||The first local spiritual assembly in Australia is formed in Melbourne.
||local spiritual assembly
||The second local spiritual assembly in Australia is formed in Perth.
||local spiritual assembly
||The National Spiritual Assembly of Egypt and the Sudan is formed, the first national body in Africa. [BBRSM121; GPB333]
Martha Root gives the first African radio broadcast about the Bahá'í Faith, in Cape Town.
|Egypt; Cape Town.
||National Spiritual Assembly; Martha Root
|1925 4–9 Jul
||The Seventeenth Annual Convention of the Bahá’ís of the United States and Canada is held at Green Acre. [GAP117; SBR94]
- National Spiritual Assembly of the Bahá’ís of the United States and Canada is elected for the first time. [GPB333, SETPE1p107]
- Like the previous attempts at electing a National Assembly in 1922, 1923 and 1924, the delegates didn't fully understand the Bahá'í election procedure. Nine members were elected as well as nine alternates whose purpose was to replace absent members. [SETPE1p108]
- The members were: Alfred Lunt, William Randall, May Maxwell, George Latimer, Louis Gregory, Elizabeth Greenleaf, Mariam Haney and Keith Ransom-Kehler with Horace Holley becomes its first full-time secretary. [BW13:852; SBR233, SETPE1p108]
|United States; Canada
||Alfred Lunt; William Randall; May Maxwell; George Latimer; Louis Gregory; Elizabeth Greenleaf; Mariam Haney; Keith Ransom-Kehler; Horace Holley; National Spiritual Assembly of the Baha’is of the United States and Canada
||"A Plan of Unified Action to Spread the Baha'i Cause Throughout the United States and Canada January 1, 1926-December 31, 1928" was formulated by The National Spiritual Assembly of the United States and Canada in response to Shoghi Effendi's message to the annual National Convention. [BA86-89]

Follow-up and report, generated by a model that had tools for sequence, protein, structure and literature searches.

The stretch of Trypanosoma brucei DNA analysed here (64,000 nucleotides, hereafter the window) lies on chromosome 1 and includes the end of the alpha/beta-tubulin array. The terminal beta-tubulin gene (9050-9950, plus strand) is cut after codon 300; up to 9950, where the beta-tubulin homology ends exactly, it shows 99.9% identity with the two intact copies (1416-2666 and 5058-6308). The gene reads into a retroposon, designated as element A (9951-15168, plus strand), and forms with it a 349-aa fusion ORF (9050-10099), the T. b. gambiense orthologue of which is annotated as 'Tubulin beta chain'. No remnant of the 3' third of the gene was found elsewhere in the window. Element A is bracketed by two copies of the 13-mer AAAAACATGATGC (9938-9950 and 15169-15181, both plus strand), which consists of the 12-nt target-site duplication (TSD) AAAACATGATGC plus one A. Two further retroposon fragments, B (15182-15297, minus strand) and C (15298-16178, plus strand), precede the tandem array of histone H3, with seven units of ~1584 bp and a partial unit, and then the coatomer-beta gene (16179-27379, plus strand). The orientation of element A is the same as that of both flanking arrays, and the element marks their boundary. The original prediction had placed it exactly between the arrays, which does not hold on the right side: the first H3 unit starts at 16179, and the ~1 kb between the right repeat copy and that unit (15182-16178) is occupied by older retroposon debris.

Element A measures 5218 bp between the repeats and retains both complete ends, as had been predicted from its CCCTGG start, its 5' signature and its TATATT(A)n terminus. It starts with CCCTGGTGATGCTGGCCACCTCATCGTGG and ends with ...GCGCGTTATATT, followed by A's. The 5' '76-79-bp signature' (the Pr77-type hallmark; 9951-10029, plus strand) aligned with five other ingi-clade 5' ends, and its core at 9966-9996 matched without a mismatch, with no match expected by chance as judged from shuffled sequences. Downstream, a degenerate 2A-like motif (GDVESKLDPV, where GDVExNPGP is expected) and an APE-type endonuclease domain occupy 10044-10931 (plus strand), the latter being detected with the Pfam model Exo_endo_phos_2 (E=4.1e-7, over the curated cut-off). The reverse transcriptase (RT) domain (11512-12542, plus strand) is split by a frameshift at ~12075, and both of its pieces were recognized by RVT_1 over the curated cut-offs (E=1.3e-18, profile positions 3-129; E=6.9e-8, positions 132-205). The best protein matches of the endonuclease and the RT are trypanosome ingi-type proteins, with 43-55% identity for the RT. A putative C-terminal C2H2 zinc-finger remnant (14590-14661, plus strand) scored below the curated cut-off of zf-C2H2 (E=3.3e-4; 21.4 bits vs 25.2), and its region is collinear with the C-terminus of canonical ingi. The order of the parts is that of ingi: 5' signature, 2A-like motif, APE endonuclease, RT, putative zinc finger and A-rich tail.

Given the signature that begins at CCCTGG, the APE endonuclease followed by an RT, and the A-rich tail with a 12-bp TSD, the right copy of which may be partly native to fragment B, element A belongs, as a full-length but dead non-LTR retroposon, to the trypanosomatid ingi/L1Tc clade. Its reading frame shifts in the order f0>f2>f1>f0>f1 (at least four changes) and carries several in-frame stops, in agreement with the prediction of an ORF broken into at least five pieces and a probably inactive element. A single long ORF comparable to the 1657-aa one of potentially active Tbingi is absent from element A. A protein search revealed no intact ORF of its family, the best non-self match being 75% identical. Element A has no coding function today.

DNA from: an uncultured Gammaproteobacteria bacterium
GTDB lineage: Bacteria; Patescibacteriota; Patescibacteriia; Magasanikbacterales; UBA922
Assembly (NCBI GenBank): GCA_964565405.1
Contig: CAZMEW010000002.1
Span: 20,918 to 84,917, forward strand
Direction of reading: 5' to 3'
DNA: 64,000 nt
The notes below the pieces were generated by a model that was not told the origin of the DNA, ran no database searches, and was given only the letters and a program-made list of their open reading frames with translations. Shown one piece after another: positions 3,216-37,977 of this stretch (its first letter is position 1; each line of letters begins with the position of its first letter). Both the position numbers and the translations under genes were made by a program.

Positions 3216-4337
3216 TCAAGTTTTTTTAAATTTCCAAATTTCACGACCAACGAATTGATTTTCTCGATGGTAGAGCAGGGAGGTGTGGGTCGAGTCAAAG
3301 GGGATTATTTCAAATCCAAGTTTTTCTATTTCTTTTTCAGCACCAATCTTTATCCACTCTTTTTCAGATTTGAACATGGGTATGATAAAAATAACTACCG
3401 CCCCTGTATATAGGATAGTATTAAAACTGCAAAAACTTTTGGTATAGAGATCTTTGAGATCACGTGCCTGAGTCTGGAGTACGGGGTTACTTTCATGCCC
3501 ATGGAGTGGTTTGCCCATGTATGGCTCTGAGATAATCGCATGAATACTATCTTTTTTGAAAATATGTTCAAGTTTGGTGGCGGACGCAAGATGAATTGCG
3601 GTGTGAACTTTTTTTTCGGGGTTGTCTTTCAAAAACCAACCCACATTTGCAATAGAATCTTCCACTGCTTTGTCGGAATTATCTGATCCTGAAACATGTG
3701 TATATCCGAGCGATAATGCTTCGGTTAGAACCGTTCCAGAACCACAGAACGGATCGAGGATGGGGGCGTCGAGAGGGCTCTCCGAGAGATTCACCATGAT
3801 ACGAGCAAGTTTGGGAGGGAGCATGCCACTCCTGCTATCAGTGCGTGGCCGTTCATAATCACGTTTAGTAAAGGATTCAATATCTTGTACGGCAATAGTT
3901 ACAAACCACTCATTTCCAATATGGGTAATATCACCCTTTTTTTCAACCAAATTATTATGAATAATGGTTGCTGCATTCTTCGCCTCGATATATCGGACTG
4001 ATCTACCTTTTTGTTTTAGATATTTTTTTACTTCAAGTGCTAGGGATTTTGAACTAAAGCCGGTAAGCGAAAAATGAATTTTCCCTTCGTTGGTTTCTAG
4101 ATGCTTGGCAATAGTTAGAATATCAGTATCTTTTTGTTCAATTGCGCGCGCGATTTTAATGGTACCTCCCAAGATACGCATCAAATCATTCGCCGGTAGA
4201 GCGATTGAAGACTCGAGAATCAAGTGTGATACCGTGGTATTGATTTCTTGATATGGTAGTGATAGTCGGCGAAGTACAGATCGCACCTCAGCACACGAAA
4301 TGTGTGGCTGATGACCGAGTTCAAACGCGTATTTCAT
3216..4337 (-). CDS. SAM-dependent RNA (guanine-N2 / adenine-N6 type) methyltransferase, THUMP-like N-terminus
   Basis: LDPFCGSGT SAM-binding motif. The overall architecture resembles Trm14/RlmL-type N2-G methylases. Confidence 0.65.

It can be found at [Plan] The goals were (1) to unify the American Bahá'í community's efforts, (2) to increase the number of Bahá'ís, (3) to "penetrate the consciousness of the public with the spirit of Bahá'u'lláh", and (4) to raise $400,000 so that the construction of the first unit of the Temple's superstructure could begin. [SBBR14p160, BFA1p110]
- This was the first of two Plans developed by the North American National Assembly in the years from 1926 to 1934 the second being "A New Plan of Unified Action To complete the Bahá'í Temple and promote the Cause in America (1931-1934)". [SBBR14p155-197]
During the years of these two plans the National Assembly of the Bahá'ís of the United States and Canada developed practices commonly used in subsequent plans, organized propagation, a central budget and the modern form of the Nineteen Day Feast. [SBBR14p160]
|National Spiritual Assembly of the United States and Canada
||"A Plan of Unified Action to Spread the Baha'i Cause Throughout the United States and Canada